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Public Art |  June 10, 2023- September 17, 2023

Beals Preserve | Southborough, MA



As a queer individual existing outside of the cisgender binary, I have found that the theme of transformation resonates closely with my experience. My entire life has been a slow discovery of learning how to express and acknowledge my queerness, while sometimes transforming my identity in certain situations for protection. With all that is happening in the world to minimize the existence of queer individuals, it has become particularly important for me to express my queer identity, especially through my artwork. As an artist, this proposed body of work is informed by the concept of queer abstraction. These sculptures, while originally inspired by the nostalgia and comfort of the 1970s toy, the “Pet Rock”, also act as exaggerated biomorphic forms inspired by the soft curves of the body, my interpretation of the amorphous possibilities of queer abstraction.


These Pet Rocks are three organic ceramic sculptures that sit nested near each other. Contour lines, concentrically arranged like a topographical map, are carefully carved across the surface of each one. These lines define the organic form, further highlighting the contrast between the convexities and concavities of the structures. The repetition of these lines helps to create a textural pattern and further integrates the surface with the form itself. The repeated low relief lines also act as a physical representation of how it feels to live within the margins of society as a queer person. The carved and the convex lines generated by division of the physical surface naturally create contrast, but they also work together to follow and highlight the shape of the form. In the same way, queer people must learn to survive within the structures of a society that is trying to diminish them while still trying to safely be themselves and live freely outside of the cisgender binary.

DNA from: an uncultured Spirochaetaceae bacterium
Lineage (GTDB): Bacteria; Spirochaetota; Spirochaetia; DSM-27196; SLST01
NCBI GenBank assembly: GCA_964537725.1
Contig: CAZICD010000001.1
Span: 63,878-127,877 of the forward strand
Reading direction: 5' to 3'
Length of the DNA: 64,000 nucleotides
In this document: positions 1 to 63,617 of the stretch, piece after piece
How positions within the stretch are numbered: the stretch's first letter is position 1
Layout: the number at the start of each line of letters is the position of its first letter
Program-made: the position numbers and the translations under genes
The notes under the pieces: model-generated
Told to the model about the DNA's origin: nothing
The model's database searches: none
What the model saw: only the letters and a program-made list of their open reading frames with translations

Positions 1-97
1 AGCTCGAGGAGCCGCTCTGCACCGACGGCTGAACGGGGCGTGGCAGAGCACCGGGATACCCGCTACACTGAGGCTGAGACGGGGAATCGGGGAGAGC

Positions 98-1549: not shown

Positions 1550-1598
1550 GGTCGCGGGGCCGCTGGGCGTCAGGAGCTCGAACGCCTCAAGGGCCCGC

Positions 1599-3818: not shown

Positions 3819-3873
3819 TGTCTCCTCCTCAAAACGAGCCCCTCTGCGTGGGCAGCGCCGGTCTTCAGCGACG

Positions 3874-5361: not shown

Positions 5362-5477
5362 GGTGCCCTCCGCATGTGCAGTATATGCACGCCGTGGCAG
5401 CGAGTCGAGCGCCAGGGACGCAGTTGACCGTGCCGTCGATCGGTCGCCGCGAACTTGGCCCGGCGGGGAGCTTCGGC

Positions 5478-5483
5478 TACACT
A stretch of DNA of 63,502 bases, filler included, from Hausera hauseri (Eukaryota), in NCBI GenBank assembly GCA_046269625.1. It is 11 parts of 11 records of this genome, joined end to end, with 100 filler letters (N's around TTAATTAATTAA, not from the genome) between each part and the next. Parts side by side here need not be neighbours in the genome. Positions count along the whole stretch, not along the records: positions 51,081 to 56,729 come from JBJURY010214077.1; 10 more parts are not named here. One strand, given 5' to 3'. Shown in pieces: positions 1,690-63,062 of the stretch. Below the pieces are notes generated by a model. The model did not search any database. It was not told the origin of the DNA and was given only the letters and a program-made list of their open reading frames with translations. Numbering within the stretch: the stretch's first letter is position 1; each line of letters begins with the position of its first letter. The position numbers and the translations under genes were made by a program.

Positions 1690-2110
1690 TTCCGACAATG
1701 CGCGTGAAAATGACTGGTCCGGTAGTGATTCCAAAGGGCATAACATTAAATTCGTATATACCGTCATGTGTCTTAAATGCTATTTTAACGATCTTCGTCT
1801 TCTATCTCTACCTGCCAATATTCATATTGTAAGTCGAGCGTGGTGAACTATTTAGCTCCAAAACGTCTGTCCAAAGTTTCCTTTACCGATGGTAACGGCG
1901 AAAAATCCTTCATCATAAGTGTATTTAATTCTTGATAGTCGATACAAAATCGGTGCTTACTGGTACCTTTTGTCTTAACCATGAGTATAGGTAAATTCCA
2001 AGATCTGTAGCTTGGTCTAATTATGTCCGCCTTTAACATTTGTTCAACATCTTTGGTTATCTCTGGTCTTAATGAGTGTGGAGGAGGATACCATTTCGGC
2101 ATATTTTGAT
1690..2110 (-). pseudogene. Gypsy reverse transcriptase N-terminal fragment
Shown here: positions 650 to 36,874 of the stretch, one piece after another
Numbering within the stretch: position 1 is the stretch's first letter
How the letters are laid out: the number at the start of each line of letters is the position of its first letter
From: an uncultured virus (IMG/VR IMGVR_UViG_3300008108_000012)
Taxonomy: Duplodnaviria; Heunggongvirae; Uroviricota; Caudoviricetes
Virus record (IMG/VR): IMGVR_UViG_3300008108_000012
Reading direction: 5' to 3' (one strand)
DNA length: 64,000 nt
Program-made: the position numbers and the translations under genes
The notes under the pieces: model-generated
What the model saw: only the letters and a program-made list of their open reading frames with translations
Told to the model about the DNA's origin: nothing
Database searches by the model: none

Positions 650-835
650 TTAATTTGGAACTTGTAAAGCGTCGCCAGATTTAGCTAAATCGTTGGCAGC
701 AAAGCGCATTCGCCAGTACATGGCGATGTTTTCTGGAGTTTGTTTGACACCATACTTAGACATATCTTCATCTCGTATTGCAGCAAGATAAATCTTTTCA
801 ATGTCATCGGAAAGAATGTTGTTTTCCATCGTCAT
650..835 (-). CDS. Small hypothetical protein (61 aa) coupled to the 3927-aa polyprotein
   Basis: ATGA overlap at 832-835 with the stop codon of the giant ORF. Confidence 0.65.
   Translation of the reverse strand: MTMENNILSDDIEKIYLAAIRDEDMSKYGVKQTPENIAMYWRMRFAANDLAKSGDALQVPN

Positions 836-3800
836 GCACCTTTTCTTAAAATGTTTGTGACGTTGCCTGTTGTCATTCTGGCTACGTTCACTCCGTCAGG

The carved lines are raw ceramic, while the remaining positive surface is glazed smooth. The cavities will become an armature for nature to take over. Moss and other greenery will be encouraged to grow across the forms, simultaneously disguising and exposing the contour lines. Throughout the length of the installation, the sculptures will continue to blend with their natural surroundings and their bright pastel forms will slowly become camouflaged. The greenery will act partly as a cloak, hiding the Pet Rocks from view, while at the same time accentuating the color of the visible ceramic – it is within these spaces of seemingly-paradoxical duality that there can be growth, beauty, and magic. Over the course of the four months, visitors will be encouraged to revisit the installation to see the transformation and ultimately nature’s reclamation of the Pet Rocks.

Preservation Map


Please Use GPS Coordinates 42.30729, -71.55445 put into your Google maps to find the parking lot. 


The Southborough Open Land Foundation, in collaboration with Southborough Artist Catherine Weber, is pleased to present the 7th Annual Art On the Trails in the summer of 2023.  The theme is Transformation.  Learn more about the them here. The exhibition will be installed from June 10 to September 17th, 2023 at the Elaine and Philip Beals Preserve, Southborough, Massachusetts.  The 2023 Art Juror is Sarah Alexander. Learn more about the juror here.

The Beals Preserve in Southborough, MA sits on Nimpuc and Agawam Native land. 

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